I was watching some gooey, life-enriching movie the other day where a bunch of kids were playing around in a river. It occurred to me that while I can recall how wonderful it feels to squish mud through your toes, I can't actually remember the last time I did it.
I can say the same for cane-pole fishing. I loved the anticipation, the tug, and the glorious catch of snagging bream with crickets, but I can't tell you when I last went fishing. I don't even know how much a cone of crickets costs now.
It starts sort of a "h-m-m-m" factor in the back of your head. I also loved to play basketball (although I'm vertically challenged). Roller skating (steel skates, no less) - tetherball, picnics, and football - I do remember why I had to quit playing back-yard football. I started into puberty and it became a lot more fun to flirt with boys than to beat the snot out of them.
Time is part of it. Pink Floyd had a great song, "Time," that went, "And then one day you find ten years have got behind you. No one told you when to run, you missed the starting gun, and you run and you run to catch up with the sun, but it's sinking. And racing around to come up behind you again. The sun is the same in the relative way, but you're older; shorter of breath and one day closer to death."
Yeah, not really cheery stuff.
We get so busy and so involved in racing through time, that you have to wonder what gets left behind? What childhood joys have you surrendered to the rat-race run? I cannot remember the last time I slobbered my way through a cup of chocolate pudding. I can remember when the anticipation of that moment represented the most important part of my day.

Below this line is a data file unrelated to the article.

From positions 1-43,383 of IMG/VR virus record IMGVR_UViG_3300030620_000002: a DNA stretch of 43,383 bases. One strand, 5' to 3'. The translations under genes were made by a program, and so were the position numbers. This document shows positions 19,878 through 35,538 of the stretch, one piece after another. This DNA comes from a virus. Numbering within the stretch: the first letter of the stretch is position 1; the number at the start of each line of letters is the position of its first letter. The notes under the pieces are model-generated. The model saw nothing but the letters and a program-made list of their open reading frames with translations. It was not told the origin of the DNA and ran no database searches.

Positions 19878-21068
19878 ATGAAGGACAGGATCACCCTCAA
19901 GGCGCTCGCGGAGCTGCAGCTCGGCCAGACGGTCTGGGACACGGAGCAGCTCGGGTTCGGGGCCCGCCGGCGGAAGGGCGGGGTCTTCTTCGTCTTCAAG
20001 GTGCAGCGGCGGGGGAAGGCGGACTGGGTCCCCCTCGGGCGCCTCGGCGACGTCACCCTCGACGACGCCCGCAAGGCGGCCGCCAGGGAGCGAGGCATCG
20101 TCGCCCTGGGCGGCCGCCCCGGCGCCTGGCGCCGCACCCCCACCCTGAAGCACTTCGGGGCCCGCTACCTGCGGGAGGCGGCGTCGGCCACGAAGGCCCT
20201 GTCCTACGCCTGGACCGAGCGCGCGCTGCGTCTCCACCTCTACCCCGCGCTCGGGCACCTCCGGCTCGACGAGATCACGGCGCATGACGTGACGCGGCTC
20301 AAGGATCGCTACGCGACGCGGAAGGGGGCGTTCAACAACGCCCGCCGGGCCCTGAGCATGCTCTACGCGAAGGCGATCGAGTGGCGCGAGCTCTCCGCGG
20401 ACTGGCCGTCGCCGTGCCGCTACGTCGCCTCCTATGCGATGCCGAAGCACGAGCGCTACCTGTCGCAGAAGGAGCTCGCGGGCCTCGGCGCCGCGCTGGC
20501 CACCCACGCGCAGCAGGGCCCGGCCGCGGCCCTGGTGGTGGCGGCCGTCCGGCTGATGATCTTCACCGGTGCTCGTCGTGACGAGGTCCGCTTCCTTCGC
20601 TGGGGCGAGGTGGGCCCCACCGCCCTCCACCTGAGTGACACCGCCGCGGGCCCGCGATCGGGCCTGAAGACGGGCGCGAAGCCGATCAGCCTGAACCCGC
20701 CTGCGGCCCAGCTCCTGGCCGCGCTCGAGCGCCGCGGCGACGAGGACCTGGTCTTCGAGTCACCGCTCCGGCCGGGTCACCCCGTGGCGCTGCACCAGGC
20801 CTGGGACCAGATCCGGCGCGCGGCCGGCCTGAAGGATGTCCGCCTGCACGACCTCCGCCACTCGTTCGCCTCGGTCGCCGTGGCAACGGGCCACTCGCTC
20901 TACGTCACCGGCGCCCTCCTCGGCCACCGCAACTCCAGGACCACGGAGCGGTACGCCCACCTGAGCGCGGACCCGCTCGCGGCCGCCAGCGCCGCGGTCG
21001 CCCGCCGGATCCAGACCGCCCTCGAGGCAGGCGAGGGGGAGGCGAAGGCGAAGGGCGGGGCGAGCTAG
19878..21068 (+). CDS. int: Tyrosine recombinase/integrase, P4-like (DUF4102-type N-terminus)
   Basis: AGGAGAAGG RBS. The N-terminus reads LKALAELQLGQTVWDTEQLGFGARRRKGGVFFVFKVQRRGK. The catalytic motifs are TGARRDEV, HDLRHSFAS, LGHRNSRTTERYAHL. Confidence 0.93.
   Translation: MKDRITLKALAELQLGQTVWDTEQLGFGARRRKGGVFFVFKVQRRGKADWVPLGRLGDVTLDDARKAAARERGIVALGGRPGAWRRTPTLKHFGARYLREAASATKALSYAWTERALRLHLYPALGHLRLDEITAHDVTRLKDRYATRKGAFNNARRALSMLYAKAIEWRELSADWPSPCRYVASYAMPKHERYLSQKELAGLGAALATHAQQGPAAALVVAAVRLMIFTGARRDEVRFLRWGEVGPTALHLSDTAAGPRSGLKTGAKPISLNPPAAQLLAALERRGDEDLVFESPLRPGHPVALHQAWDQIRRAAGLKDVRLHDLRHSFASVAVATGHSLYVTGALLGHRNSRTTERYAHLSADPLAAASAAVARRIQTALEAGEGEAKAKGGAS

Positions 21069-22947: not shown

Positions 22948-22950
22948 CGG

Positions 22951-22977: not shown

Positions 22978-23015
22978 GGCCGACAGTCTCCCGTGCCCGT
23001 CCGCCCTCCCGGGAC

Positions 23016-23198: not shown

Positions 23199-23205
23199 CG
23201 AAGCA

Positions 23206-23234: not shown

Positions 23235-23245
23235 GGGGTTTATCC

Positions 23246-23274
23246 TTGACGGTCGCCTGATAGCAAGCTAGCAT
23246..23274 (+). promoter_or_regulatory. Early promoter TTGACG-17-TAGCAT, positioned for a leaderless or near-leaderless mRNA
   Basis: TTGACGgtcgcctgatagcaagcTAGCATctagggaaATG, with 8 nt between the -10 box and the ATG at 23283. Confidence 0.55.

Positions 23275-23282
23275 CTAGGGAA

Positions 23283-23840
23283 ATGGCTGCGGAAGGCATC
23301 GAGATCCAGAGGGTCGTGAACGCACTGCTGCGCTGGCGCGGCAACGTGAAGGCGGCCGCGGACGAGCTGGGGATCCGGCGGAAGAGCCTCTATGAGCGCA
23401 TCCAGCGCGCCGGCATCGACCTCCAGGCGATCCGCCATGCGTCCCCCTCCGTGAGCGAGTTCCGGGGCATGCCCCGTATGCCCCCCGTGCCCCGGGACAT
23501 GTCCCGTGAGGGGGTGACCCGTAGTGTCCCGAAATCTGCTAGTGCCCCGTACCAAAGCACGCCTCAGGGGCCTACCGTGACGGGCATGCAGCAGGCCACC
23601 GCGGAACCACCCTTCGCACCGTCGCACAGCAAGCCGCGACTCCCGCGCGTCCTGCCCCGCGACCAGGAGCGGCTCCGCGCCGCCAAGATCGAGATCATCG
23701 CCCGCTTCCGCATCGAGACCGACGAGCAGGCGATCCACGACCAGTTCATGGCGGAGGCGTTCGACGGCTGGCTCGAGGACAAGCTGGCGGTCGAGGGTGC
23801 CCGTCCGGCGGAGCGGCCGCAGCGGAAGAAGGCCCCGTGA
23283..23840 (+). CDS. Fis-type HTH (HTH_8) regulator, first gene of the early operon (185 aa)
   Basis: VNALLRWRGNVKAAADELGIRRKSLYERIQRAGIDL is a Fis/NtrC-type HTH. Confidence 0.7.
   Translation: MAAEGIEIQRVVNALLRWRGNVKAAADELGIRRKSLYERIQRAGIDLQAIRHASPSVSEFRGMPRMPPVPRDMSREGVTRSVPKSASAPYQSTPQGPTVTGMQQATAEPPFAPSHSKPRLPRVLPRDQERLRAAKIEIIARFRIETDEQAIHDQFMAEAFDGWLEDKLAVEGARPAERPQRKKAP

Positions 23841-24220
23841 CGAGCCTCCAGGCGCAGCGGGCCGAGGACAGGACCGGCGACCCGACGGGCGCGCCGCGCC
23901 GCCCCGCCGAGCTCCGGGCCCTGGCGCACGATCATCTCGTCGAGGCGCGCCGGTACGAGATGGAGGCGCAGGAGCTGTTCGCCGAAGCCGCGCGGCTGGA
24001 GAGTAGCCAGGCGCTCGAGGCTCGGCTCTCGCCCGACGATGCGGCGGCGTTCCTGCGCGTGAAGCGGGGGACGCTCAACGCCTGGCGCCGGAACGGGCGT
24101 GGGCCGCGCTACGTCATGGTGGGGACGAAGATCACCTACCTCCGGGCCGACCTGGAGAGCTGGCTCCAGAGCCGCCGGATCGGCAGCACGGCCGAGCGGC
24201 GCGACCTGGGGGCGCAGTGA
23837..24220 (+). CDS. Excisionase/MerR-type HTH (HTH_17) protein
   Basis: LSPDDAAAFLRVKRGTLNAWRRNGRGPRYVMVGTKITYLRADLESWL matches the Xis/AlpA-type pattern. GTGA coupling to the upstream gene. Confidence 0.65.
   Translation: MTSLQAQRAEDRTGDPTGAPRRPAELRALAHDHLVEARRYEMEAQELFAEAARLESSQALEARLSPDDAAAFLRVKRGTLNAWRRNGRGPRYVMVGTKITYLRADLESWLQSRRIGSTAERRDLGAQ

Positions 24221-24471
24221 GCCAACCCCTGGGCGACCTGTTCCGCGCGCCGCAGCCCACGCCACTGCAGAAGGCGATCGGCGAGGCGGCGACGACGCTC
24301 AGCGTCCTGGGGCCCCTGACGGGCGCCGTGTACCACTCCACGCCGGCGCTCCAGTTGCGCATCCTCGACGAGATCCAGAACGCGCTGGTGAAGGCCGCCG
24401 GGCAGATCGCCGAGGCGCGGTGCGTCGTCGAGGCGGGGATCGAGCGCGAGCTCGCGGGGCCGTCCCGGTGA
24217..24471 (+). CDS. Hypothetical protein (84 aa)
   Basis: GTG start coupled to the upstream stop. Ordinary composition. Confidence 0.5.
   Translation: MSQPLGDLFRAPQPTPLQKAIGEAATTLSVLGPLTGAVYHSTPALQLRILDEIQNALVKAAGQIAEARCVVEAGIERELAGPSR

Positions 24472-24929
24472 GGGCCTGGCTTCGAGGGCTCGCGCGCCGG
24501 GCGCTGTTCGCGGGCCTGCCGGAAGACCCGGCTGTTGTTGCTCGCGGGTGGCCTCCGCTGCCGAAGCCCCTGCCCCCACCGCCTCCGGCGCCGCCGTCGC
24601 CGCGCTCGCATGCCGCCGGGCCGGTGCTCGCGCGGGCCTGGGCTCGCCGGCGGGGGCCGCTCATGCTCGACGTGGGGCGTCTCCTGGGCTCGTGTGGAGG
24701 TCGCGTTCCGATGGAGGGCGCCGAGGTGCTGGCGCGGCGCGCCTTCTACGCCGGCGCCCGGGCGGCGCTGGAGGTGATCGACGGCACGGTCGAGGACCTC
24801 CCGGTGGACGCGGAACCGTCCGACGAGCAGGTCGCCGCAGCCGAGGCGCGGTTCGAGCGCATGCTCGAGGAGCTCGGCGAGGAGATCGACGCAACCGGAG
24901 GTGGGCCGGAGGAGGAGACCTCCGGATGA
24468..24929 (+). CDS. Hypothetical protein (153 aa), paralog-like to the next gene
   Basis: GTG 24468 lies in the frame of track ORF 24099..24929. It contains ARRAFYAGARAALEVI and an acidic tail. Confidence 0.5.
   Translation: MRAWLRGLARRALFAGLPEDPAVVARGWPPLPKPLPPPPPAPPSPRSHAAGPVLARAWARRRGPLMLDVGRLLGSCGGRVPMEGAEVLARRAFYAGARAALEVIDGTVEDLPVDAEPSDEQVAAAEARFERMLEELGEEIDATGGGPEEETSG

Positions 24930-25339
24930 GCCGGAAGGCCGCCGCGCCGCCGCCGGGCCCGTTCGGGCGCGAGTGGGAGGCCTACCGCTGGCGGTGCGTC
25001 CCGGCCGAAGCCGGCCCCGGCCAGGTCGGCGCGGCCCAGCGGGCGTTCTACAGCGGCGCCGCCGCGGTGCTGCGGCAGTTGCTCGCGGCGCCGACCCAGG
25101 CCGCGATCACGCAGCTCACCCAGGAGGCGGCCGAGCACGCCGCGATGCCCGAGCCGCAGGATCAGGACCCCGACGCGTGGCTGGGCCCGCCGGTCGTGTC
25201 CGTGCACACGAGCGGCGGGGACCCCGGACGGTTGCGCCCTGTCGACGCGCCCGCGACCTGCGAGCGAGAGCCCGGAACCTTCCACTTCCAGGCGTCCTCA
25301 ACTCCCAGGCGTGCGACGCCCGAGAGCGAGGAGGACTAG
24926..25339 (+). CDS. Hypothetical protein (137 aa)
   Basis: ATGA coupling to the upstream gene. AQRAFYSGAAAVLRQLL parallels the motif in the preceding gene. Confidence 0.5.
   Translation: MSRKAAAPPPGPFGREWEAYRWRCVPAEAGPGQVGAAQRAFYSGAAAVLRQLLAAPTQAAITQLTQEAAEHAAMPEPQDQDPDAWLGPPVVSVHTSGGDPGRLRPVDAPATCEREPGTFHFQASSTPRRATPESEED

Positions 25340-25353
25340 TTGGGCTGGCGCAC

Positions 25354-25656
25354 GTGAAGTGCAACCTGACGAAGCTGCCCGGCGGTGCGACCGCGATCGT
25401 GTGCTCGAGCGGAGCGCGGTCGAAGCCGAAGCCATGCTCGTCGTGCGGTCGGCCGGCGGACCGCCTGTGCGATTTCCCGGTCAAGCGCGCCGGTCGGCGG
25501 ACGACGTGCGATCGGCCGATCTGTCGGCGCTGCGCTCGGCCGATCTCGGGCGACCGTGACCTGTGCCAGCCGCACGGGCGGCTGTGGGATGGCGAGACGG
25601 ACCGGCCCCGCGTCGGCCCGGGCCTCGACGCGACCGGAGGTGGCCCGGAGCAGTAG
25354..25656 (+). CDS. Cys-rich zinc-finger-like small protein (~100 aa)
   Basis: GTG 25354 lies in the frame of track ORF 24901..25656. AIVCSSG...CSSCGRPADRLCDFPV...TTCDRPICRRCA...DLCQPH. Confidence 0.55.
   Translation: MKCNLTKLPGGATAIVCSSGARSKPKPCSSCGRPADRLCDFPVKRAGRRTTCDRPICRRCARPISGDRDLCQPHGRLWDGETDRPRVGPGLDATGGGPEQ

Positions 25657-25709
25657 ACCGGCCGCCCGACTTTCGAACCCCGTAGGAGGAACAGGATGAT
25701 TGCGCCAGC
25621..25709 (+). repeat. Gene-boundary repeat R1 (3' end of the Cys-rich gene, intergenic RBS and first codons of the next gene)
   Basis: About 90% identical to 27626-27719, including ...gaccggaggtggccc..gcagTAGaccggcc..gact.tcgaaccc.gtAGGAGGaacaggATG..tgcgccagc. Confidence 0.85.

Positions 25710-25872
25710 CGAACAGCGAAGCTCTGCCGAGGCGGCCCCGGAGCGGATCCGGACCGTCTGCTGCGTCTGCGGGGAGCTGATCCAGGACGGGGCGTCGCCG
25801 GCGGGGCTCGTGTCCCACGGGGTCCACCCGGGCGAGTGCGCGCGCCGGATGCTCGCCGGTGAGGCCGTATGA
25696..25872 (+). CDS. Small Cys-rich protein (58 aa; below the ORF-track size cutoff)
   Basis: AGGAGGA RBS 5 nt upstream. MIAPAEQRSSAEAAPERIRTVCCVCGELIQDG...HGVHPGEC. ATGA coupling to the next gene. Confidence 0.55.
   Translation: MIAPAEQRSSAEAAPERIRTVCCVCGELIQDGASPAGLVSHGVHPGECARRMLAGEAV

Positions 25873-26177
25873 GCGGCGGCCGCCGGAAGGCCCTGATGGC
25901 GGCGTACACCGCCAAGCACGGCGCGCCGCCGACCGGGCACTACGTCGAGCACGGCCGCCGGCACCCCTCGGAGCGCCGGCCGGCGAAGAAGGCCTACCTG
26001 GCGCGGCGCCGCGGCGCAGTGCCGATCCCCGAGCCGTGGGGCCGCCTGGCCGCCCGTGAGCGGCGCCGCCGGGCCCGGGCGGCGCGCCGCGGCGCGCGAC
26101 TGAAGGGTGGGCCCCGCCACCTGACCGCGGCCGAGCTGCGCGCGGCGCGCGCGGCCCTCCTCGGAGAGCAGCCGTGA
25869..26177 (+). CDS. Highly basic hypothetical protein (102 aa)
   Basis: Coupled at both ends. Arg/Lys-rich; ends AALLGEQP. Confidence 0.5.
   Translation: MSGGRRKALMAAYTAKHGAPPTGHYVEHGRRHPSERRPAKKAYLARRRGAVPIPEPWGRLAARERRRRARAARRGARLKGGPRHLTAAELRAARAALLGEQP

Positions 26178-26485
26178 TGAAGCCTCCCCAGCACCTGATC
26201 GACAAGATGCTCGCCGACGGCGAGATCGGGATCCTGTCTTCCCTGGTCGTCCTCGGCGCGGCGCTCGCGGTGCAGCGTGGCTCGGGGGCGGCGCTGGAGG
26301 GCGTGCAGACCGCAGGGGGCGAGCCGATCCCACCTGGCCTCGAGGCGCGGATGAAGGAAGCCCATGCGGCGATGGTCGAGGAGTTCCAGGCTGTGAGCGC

I think this is how folks fall out of going to church, and I've been guilty myself. I stay so busy, busy, busy during the week, week, week, that I justify hiding at home any chance that I get. The problem is that while I'm at home, I'm not doing those things that I love to do. Instead, I'm doing housework or sorting recyclables. I miss the hoorah yippee.
The warm weather we had on last week brought on this spring fever. It does every year. I want to go find my blue-jean shorts and my flip flops. I have the world's bestest intention to go sign up for a softball team.
I played for nearly 22 years, so I wouldn't think that I've lost it all. For absolute personal glee, there is nothing better than a home run. Especially if it is partnered with a nice bragging-size strawberry on your carcass.
Deep sigh. Maybe, if I go home and get on my treadmill, the nostalgia will pass. Maybe not. Just don't be too surprised, if I show up limping and grinning some time this spring. You will know that I was up to something and had a real good time doing it.
Denese Rodgers is executive director of Connecting Henry, a social-service, networking, partnership organization in Henry County.